Yellowstone National Park sits squarely over a giant, active volcano. This requires attention.
Yellowstone is capable of eruptions thousands of times more violent than the Mount St. Helens eruption of 1980. The northern Rockies would be buried in multiple feet of ash. Ash would rain on almost everyone in the United States. It'd be a bad day. Thus geologists are eager to understand what, exactly, is happening below all those volcano-fueled hot springs and geysers.
Obviously they would like to know if and when Yellowstone will blow again, and with what level of explosiveness. A major eruption would be a low-probability, high-consequence event, a proverbial Black Swan, something that could have societal and planetary effects. The problem for scientists is that these big “supervolcano” eruptions rarely happen, and the most important action is out of sight, many miles below the surface, involving chaotic forces, complex chemistry and enigmatic geological features.
One new study has offered insight on Yellowstone’s hidden architecture. It modeled the way magma rises from deep in Earth’s interior and creates two large chambers of partially melted rock beneath the surface of the national park.
These two magma chambers are stacked, and they are separated by a layer (called a “sill,” like a window sill) of non-melted rock. The magma rising from Earth's mantle flows easily and doesn't hold much gas. It cools and solidifies as it collides with relatively cold crust, forming the sill, the top of which is about six miles below the surface.
On top of the sill is the upper magma chamber, with thick, sticky magma that holds a great deal of gas — which makes the magma in the upper chamber explosive. It's like an unopened can of soda that has been shaken. Open the can at your peril.
The new study, published in Geophysical Research Letters, explains how this two-tiered, geochemically diverse architecture might have come about over the course of time.
“Someday we might have a model snapshot saying this is what the system looks like when there’s enough melt for there to be a large eruption,” lead author Dylan Colón, an earth sciences doctoral candidate at the University of Oregon, told The Washington Post.
The study won praise from Michael Poland, scientist-in-charge at the U.S. Geological Survey's Yellowstone Volcano Observatory: “What's neat about their model is they can go back in time with it and see how it might have influenced eruption rates many millions of years ago.”
The new study bolsters earlier research on the dual magma chambers. It used sensors arrayed around Yellowstone to record the speed at which seismic waves from small earthquakes pass through the subsurface rock. Such waves move more slowly through hot and/or partially melted rock formations. That data gave scientists the equivalent of an MRI showing the two magma chambers.
“Supervolcano,” we should note, is not a technical term. The experts refer to Yellowstone as a “caldera” or a “caldera-forming volcano.” Some volcanoes form conical mountains. A caldera is a volcano that creates a vast crater. These are mountain-swallowing events. Visitors to Yellowstone are given a map showing the outline of the most recent caldera, and if they go to the right vantage point, it's possible to see that the heart of the park is remarkably free of mountains. They were either blown away or fell into the big hole.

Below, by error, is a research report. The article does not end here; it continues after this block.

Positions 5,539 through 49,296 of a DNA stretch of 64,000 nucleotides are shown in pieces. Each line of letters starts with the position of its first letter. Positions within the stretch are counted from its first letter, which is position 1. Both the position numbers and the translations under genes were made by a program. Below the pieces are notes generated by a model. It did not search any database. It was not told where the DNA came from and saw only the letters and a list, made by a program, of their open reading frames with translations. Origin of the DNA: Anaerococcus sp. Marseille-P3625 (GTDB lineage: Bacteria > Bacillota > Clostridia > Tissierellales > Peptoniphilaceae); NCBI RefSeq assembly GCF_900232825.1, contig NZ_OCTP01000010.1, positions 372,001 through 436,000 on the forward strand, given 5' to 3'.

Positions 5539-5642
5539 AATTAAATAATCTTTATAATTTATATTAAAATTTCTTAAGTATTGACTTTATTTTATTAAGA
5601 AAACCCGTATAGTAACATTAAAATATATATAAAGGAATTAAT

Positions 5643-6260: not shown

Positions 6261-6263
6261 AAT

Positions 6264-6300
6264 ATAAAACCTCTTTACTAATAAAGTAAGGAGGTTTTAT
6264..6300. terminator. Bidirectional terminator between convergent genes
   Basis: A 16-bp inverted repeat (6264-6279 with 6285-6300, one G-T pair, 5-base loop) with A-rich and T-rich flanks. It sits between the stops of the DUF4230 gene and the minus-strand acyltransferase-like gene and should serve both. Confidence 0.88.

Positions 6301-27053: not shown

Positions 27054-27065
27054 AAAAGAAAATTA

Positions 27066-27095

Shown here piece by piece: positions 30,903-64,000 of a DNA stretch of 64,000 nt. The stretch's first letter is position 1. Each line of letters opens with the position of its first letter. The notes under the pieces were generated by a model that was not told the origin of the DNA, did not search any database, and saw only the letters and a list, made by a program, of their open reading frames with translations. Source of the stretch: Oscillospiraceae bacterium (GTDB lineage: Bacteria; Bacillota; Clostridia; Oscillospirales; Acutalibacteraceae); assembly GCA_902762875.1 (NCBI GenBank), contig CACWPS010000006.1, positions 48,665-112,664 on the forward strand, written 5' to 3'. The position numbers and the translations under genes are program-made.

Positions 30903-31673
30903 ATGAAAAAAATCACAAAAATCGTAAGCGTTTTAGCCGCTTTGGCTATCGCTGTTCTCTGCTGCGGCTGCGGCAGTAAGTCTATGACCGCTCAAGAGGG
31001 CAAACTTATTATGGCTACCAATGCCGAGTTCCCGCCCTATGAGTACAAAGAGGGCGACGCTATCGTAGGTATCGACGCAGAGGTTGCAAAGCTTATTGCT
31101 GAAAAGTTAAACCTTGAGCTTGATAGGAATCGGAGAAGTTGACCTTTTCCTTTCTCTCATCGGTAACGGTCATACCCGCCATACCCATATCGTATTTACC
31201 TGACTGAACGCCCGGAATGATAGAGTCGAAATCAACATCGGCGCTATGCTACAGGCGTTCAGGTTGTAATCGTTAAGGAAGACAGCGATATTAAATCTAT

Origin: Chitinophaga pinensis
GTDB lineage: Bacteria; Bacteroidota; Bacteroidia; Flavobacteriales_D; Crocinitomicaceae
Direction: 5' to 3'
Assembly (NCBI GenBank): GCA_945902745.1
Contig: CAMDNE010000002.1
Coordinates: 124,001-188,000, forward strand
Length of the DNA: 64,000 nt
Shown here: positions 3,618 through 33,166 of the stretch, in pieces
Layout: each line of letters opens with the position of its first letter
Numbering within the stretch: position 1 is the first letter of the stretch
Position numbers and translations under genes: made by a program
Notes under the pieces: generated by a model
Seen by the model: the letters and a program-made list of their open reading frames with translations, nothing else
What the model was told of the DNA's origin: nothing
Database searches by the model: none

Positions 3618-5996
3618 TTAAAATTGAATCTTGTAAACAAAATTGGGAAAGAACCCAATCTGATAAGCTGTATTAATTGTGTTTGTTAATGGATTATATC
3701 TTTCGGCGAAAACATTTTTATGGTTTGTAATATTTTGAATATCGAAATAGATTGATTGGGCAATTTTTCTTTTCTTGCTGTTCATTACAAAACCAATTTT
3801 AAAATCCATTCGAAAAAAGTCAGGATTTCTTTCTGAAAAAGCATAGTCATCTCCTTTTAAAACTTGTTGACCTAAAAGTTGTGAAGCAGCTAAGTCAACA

The Yellowstone region has seen three big eruptions, the first one 2.1 million years ago, the most recent 630,000 years ago. Contrary to Internet rumor-mongering, as well as conspiracy theories about government coverups, there's no sign that a fourth cataclysmic event is about to happen.
It's possible, in fact, that Yellowstone is getting a bit old and tired. It may be ready for a long nap rather than a major eruption.
Ilya Bindeman, a University of Oregon geochemist and co-author of the new paper, said that Yellowstone may be “approaching the end of its evolution” because so much of the material in the upper magma chamber is recycled and re-melted after previous eruptions.
As Poland said: “How many times do you want to reheat your leftovers? At some point you’re going to say, 'I’m not going to reheat this.' You’ve microwaved it six times, and it's no longer food.”
Intellectual humility is called for here: No one can say with great confidence how much magma it takes to trigger a caldera-forming eruption. Moreover, relatively small eruptions creating lava flows can happen within the Yellowstone system. The most recent was 70,000 years ago. The experts say one of these smaller eruptions is much more likely than a giant explosion. Speculation that Yellowstone is “due” to erupt catastrophically implies that the volcano behaves predictably, like a machine. Geologists know otherwise.
Yellowstone, it should be noted, isn't the only caldera in the United States. One of the others that's worth keeping an eye on — and the U.S. Geological Survey does just that — is the Long Valley caldera in California, near the popular ski resort of Mammoth Mountain, just east of Yosemite National Park. It erupted 700,000 years ago. A major eruption is extremely unlikely, but it could produce smaller eruptions that would be highly disruptive and dangerous, said Margaret Mangan, scientist-in-charge at the USGS California Volcano Observatory.
Mangan said there are seven volcanic regions in California with zones of molten rock beneath the surface. A volcanic eruption in California is roughly as likely as a magnitude 6 or greater earthquake on the San Andreas Fault, she said.
But Californians don't worry about volcanoes. They worry about earthquakes, tsunamis and wildfires, she said. She has tried to raise public awareness of volcano hazards but says that it is hard to get much attention.
“The awareness level and preparedness level is quite low in this state,” she said. “We prepare for those large earthquake events, and we need to prepare for volcanic eruptions.”